I can understand their concern but equally sometimes find it hard to understand critisism based on misconception or lack of interest in finding out what was actually said rather than reported. But equally the currentl leadership has, rightfully IMHO but probably wrongly in yours, changed our position in areas of personal morality, in policies in Education & Health which I can understand is difficult to those loyal Tories who campaigned for these in the last two or three elections.

Where I expect you and I differ is that I accept that there are members of the Party who are free traders, open marketers (as Andrew Lilico pointed out really not Tories but Whigs), others who are more traditionalist Tories, some who believe in liberal morality and others whose priorities I don't share but don't feel I can state any are not Conservatives - as my view of Conservatism is that while it has certain verities it is neither a religion nor has an absolute unchanging philosophy to which we sign up.

We last won an election 15 years ago, and if it's 2009 before the next, then it'll be a generation ago. The 70's are now nearly two generations ago - the kids educated in the 80's now have kids beginning their education. It's a different world and we need to change and recognise that we can change and still be conservative.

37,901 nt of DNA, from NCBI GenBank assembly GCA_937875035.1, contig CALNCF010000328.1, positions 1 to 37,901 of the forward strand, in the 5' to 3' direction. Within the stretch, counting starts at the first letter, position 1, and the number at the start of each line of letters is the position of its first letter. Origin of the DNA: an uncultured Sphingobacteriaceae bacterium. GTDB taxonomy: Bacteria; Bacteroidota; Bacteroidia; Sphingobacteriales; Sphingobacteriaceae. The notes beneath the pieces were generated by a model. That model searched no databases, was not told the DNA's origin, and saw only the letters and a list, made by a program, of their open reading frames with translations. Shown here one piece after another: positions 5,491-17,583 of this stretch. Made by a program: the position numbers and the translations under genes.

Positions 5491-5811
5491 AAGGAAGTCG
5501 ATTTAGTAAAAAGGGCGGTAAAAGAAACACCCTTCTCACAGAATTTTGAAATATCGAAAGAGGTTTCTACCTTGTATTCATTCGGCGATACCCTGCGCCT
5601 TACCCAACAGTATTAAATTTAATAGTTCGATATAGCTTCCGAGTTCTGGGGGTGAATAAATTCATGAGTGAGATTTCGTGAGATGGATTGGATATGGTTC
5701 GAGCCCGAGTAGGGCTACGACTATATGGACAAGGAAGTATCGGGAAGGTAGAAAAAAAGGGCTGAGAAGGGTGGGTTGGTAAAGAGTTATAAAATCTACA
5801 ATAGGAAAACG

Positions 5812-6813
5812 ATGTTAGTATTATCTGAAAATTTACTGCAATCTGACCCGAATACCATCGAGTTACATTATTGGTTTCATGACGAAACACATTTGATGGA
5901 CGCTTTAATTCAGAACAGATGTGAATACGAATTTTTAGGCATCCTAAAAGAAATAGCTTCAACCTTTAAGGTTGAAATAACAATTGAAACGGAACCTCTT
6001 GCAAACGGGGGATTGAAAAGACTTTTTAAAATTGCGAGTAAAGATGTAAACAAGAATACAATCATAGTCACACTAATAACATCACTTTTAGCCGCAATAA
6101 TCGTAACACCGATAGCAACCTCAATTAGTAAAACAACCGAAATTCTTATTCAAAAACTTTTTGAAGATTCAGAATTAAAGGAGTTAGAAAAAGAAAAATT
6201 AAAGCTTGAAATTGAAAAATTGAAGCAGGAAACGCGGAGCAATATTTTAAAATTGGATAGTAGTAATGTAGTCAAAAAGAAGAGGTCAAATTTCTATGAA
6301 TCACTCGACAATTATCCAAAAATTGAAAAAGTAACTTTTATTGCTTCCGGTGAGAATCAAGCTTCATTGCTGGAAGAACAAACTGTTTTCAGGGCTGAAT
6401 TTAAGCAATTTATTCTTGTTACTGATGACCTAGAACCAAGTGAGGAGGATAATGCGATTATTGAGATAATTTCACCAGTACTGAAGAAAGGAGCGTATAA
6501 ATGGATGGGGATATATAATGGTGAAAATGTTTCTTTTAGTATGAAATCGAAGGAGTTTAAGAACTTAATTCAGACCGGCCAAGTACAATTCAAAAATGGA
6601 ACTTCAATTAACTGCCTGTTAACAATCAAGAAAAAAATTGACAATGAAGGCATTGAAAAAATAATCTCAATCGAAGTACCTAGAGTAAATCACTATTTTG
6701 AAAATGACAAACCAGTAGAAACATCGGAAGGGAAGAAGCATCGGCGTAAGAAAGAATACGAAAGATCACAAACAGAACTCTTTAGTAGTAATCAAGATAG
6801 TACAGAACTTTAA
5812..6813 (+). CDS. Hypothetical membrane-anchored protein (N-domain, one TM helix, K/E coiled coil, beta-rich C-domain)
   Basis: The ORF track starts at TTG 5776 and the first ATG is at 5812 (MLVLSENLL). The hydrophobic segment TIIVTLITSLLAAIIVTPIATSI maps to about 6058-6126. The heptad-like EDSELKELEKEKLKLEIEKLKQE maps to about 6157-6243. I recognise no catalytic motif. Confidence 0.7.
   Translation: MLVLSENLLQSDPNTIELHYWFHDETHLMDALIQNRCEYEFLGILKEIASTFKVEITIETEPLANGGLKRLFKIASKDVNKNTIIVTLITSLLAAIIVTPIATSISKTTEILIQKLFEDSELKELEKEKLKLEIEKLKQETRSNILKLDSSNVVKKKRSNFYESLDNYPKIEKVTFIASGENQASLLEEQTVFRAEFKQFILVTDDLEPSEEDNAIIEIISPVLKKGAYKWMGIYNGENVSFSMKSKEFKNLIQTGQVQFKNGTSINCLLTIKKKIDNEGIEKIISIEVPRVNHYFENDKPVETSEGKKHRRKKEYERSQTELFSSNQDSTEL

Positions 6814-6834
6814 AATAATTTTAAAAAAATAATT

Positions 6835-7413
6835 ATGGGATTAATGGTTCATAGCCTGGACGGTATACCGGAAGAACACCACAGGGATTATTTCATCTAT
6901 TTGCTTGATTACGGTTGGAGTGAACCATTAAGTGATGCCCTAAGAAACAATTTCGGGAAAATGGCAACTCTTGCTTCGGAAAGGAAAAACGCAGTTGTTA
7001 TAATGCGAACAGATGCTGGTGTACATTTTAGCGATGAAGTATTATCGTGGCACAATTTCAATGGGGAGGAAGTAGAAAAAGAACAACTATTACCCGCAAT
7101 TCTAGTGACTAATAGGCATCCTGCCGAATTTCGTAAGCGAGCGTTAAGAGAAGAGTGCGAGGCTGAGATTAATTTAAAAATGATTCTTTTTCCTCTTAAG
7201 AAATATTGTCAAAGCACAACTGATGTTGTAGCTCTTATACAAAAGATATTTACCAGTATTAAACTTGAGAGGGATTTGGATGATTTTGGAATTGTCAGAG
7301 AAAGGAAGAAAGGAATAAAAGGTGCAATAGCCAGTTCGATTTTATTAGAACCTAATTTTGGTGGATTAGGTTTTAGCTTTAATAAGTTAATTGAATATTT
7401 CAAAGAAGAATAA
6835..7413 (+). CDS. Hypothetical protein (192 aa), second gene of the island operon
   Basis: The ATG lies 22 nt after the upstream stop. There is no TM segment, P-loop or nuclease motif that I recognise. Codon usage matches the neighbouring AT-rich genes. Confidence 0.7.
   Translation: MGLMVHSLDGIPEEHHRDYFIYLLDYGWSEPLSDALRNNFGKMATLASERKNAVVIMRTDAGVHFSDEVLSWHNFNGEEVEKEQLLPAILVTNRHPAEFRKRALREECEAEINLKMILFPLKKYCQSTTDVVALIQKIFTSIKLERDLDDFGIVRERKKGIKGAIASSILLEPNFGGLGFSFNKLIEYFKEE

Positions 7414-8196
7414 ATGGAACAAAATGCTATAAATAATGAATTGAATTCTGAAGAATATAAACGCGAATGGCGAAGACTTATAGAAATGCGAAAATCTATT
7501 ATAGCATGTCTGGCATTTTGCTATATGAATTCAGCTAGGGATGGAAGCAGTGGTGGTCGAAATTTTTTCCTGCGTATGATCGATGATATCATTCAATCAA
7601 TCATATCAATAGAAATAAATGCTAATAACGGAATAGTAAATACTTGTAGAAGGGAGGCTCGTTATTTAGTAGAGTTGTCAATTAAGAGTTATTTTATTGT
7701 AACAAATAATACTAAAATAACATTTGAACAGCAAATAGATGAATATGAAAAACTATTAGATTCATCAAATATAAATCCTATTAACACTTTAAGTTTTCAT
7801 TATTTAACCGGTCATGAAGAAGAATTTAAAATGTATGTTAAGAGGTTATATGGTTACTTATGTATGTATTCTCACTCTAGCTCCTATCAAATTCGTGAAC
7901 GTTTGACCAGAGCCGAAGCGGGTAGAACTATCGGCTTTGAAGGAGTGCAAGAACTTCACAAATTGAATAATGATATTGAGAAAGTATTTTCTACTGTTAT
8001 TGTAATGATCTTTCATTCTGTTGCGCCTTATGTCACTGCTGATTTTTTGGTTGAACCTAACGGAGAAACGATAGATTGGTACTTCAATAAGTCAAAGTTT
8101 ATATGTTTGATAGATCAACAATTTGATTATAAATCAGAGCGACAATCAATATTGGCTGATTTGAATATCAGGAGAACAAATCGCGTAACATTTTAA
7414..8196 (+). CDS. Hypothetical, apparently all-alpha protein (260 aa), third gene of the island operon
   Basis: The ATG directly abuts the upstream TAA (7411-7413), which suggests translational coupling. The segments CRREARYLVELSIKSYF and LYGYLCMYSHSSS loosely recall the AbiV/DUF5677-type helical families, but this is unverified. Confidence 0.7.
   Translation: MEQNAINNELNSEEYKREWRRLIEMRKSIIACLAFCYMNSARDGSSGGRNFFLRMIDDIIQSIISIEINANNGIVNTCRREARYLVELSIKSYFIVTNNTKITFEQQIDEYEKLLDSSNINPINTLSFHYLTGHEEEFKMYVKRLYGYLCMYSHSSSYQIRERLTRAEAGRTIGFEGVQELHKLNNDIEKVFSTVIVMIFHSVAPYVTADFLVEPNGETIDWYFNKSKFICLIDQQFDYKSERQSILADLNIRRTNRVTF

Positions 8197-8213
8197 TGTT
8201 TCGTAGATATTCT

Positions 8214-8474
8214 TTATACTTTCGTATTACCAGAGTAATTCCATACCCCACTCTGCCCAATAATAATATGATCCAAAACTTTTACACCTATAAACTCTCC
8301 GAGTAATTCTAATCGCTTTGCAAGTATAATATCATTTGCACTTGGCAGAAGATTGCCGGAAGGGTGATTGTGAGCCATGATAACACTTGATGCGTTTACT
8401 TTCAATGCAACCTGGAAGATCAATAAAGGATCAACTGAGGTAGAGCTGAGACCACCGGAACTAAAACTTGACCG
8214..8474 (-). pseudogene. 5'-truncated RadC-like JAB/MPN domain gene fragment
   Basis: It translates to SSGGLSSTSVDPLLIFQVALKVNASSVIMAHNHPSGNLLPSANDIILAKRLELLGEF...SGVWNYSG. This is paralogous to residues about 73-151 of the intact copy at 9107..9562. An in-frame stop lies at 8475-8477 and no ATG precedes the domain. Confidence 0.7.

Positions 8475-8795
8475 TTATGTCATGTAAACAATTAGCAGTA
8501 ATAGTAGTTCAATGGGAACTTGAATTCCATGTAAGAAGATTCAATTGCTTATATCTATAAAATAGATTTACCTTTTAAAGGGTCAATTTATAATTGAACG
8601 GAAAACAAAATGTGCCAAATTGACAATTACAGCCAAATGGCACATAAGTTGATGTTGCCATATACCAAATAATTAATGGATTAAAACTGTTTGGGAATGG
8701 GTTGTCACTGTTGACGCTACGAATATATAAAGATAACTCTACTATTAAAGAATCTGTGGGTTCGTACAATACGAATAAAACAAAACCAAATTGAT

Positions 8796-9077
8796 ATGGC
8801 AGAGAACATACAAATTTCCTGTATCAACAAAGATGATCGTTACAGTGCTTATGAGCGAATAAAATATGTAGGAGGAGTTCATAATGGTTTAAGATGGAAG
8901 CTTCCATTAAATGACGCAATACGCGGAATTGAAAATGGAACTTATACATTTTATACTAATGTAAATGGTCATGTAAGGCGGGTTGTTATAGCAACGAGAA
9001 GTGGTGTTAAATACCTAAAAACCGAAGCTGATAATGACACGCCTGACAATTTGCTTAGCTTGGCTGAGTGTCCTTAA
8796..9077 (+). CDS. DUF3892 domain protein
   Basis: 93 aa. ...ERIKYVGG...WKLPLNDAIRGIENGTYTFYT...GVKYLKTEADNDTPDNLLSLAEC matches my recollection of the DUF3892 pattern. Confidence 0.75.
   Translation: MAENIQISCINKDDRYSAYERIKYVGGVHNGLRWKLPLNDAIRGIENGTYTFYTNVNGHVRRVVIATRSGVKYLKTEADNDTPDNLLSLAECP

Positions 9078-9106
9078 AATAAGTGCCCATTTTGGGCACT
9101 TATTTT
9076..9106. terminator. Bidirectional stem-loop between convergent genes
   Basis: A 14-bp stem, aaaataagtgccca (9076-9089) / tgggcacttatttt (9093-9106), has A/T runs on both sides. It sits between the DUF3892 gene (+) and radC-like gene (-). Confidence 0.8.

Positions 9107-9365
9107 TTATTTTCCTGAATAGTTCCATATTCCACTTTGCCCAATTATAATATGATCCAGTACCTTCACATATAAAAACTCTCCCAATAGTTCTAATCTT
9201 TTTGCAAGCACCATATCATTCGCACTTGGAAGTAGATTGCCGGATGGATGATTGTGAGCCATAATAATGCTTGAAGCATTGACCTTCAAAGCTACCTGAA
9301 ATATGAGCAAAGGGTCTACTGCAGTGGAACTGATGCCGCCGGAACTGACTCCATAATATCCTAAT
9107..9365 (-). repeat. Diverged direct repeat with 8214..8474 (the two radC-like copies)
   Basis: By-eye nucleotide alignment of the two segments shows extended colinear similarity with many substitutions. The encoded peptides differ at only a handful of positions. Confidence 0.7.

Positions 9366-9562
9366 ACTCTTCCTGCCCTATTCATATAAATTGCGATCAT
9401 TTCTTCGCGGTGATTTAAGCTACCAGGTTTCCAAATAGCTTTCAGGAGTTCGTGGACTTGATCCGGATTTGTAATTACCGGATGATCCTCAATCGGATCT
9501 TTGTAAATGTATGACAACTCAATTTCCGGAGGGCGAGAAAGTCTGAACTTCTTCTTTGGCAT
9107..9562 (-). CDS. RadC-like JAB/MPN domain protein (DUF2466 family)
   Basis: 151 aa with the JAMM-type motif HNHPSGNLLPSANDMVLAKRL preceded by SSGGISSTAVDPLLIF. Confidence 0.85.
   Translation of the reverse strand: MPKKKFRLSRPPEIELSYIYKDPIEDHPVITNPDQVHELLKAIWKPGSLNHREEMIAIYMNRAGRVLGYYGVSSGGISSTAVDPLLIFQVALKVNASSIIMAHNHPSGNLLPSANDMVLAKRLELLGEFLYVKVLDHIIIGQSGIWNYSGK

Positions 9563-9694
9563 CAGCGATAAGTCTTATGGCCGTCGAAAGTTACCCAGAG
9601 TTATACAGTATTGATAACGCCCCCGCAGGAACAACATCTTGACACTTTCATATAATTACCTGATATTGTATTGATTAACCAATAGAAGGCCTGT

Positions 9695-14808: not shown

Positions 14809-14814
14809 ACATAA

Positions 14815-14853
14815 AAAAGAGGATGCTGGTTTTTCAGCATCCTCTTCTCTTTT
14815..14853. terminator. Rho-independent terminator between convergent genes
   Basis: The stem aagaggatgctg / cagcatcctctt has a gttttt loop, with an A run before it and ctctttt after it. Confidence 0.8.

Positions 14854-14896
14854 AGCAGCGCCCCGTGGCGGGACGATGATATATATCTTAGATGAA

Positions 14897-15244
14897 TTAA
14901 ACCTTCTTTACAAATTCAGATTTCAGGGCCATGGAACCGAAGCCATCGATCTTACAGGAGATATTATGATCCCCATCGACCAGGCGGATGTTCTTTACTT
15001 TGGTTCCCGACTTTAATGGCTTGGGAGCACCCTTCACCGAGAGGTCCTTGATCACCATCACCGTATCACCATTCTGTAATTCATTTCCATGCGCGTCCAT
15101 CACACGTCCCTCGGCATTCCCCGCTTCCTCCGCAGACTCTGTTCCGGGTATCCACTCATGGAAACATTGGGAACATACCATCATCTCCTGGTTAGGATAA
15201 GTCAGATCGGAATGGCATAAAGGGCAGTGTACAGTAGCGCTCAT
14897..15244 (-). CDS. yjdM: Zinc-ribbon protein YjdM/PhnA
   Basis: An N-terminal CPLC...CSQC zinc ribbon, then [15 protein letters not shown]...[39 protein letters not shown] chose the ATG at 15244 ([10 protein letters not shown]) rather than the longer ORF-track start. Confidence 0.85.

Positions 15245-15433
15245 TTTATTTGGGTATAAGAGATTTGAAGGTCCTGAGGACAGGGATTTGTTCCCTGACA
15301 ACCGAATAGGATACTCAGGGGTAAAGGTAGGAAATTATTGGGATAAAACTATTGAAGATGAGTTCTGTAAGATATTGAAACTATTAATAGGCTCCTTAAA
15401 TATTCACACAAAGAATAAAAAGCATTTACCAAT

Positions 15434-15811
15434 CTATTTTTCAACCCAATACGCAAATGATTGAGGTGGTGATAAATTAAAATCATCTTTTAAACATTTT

Mr "Hatchet" (Ha!) may care to note that at least one councillor and one association chairman post regularly and openly in opposition to the extremely unconservative direction in which Cameron is trying to take our party.

I hope they're very happy together in their majority of two - could I suggest a civil partnership, perhaps, while the rest of us get on with the job?...

More seriously, I can't imagine how this concept of "social responsibility" could be described as "unconservative". I'm on record here as really disliking the idea that we can make lists of things that are conservative and un-conservative (sounds eerily familiar from somewhere to me), but I don't know why this one is even debateable.

Don't we Conservatives stand for the importance of the institutions of civic society that we're looking to use to deliver positive results in this model? Don't we stand for the kind of localism that will be needed to give people a genuine say in it? And don't we want a "responsibility culture", the best antidote to those repeated shouts of "I've got my rights!"?